Libya is taking the first faltering steps towards living what most of us will consider a normal life. Beyond getting the basic essentials of life working again they have to figure out how to live in a daily world most of them have never experienced.
Gaddafi and/or his goons may yet launch one final spasm of violence, and despite assurances that his chemical weapons are secure that could include something more terrible than anything seen so far.
But it is over. There is not likely to be any Baghdad in part because there are no foreign troops to shoot at or blow up.
The time just past has been spent to what seems to be good use as far as planning for a new society. The National Transitional Council does not on the surface appear to be the Next Gang of Thugs seeking to hold power. The regional and global partners of the NTA look to have a serious intent to have this whole exercise turn out as a demonstration of the values expressed by the original Libyan protesters and the expressed values of modern liberal societal structures.
Unlike many of us, Libya has the opportunity to grow rapidly in wealth. The cash and revenue potential the country holds in hand combined with the will of the people to not just rebuild but remake their country bodes well for a positive outcome. As a small but wealthy nation, Libya has the ability and need to call in the resources of other nations to build its social and physical infrastructure.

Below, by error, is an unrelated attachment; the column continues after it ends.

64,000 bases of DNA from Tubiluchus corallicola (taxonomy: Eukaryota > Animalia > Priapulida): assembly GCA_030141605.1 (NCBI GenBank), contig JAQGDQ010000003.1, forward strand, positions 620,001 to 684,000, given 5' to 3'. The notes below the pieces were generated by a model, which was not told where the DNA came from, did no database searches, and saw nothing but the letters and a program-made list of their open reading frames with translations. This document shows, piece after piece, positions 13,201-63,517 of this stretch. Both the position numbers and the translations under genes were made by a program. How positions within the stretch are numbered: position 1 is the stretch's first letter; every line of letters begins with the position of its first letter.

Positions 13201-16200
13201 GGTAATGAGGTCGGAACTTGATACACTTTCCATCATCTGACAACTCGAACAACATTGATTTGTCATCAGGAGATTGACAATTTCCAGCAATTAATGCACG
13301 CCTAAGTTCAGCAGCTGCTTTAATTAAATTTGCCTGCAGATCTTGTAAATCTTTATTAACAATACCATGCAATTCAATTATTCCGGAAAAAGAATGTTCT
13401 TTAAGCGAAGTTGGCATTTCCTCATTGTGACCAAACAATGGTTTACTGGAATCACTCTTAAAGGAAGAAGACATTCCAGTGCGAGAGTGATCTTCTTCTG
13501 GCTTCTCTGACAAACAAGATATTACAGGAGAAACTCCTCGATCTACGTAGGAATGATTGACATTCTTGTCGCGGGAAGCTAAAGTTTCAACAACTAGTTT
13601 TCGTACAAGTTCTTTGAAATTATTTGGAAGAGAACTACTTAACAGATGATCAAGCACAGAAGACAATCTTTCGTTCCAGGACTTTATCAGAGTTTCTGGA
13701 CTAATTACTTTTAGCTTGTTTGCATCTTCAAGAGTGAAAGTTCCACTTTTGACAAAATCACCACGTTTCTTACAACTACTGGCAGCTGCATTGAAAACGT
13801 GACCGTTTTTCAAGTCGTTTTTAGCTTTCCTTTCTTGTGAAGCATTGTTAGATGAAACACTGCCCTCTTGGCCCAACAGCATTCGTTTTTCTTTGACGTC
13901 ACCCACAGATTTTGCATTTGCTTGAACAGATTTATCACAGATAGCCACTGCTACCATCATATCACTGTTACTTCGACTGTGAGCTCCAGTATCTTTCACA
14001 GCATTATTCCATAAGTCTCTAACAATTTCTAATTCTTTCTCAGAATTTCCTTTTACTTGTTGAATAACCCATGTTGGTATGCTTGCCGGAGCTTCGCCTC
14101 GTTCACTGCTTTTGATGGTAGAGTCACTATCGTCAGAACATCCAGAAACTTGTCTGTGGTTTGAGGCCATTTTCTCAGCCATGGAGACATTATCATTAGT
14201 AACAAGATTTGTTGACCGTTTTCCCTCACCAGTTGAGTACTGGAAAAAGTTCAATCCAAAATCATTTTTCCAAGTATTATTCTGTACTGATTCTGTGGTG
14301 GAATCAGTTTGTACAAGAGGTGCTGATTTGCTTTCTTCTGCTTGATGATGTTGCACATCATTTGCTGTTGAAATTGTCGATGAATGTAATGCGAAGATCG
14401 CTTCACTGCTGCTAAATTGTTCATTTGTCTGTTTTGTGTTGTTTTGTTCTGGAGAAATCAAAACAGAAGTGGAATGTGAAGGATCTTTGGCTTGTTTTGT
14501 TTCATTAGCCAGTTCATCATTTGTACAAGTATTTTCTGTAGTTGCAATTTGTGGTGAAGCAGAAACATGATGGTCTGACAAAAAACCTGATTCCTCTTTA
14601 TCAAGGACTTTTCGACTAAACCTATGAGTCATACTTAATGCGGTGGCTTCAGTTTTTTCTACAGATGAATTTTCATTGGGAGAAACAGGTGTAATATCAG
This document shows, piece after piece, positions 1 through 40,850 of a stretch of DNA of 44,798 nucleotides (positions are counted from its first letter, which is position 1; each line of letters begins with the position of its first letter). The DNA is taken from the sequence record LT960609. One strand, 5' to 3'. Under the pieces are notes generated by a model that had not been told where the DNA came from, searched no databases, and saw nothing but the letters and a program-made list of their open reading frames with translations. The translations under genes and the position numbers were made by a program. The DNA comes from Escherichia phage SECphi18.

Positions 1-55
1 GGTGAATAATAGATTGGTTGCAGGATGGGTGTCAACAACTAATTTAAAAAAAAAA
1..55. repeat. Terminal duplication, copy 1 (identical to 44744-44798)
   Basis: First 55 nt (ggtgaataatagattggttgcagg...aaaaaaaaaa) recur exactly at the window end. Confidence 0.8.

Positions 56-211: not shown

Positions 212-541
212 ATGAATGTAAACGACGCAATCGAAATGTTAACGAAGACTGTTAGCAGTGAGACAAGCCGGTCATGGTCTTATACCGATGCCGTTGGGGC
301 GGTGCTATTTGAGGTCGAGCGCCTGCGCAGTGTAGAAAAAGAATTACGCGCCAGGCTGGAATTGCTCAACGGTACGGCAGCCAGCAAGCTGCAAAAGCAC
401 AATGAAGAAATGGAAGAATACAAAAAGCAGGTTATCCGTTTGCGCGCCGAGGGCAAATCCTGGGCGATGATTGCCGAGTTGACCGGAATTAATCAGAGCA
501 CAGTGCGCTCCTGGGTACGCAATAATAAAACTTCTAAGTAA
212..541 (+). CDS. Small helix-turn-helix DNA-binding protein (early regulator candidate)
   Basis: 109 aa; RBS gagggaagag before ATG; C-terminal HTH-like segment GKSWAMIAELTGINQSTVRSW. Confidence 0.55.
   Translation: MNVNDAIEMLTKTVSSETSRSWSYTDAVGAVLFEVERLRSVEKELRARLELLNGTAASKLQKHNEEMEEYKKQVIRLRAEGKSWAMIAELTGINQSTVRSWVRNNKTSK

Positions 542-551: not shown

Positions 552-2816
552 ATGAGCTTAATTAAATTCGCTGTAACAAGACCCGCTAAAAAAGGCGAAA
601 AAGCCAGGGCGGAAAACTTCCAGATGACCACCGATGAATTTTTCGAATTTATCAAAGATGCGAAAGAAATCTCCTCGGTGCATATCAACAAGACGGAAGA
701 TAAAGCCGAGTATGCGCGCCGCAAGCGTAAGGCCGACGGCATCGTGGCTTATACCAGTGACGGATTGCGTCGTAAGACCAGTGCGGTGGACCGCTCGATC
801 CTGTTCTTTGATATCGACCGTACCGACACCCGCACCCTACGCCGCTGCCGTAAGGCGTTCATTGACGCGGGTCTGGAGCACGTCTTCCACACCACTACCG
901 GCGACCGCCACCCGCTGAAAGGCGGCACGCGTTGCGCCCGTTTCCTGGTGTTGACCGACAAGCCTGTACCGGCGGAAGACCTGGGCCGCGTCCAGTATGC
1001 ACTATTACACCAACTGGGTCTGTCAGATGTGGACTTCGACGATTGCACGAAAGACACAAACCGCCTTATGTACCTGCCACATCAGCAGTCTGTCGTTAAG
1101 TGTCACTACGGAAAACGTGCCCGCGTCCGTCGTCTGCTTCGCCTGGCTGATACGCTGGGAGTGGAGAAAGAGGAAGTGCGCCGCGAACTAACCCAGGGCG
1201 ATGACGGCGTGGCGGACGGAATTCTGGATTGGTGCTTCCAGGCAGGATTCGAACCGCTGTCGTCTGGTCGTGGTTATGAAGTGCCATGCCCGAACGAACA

This could be, and shows hopes to be, what Iraq could have been with similar foresight. The liberation of the social and financial prospects of a wealthy and capable people from the stifling presence of a mad dictator.
As Rachel Maddow pointed out, both Bush and Obama said exactly the same thing at the beginning of these two conflicts: Nobody wants to live like everyone lived under Saddam or Momar. And they were both right. (if anyone can find that video please post it here)
But one of those Presidents presided over an exercise that shows every sign of achieving the desired end. One of those Presidents, so far (after eight years), has not.
Cynicism and fear should not prevent us from reaching for chances to change the world for the better. The future will always remain untold and the success of today can always become the failure of tomorrow, but even failed attempts are more valuable and honorable than welcoming defeat.
The people of Libya have all my best wishes and highest praise. I hope for a day in the foreseeable future where we visit each other and share our cultures as communities of equally free individuals.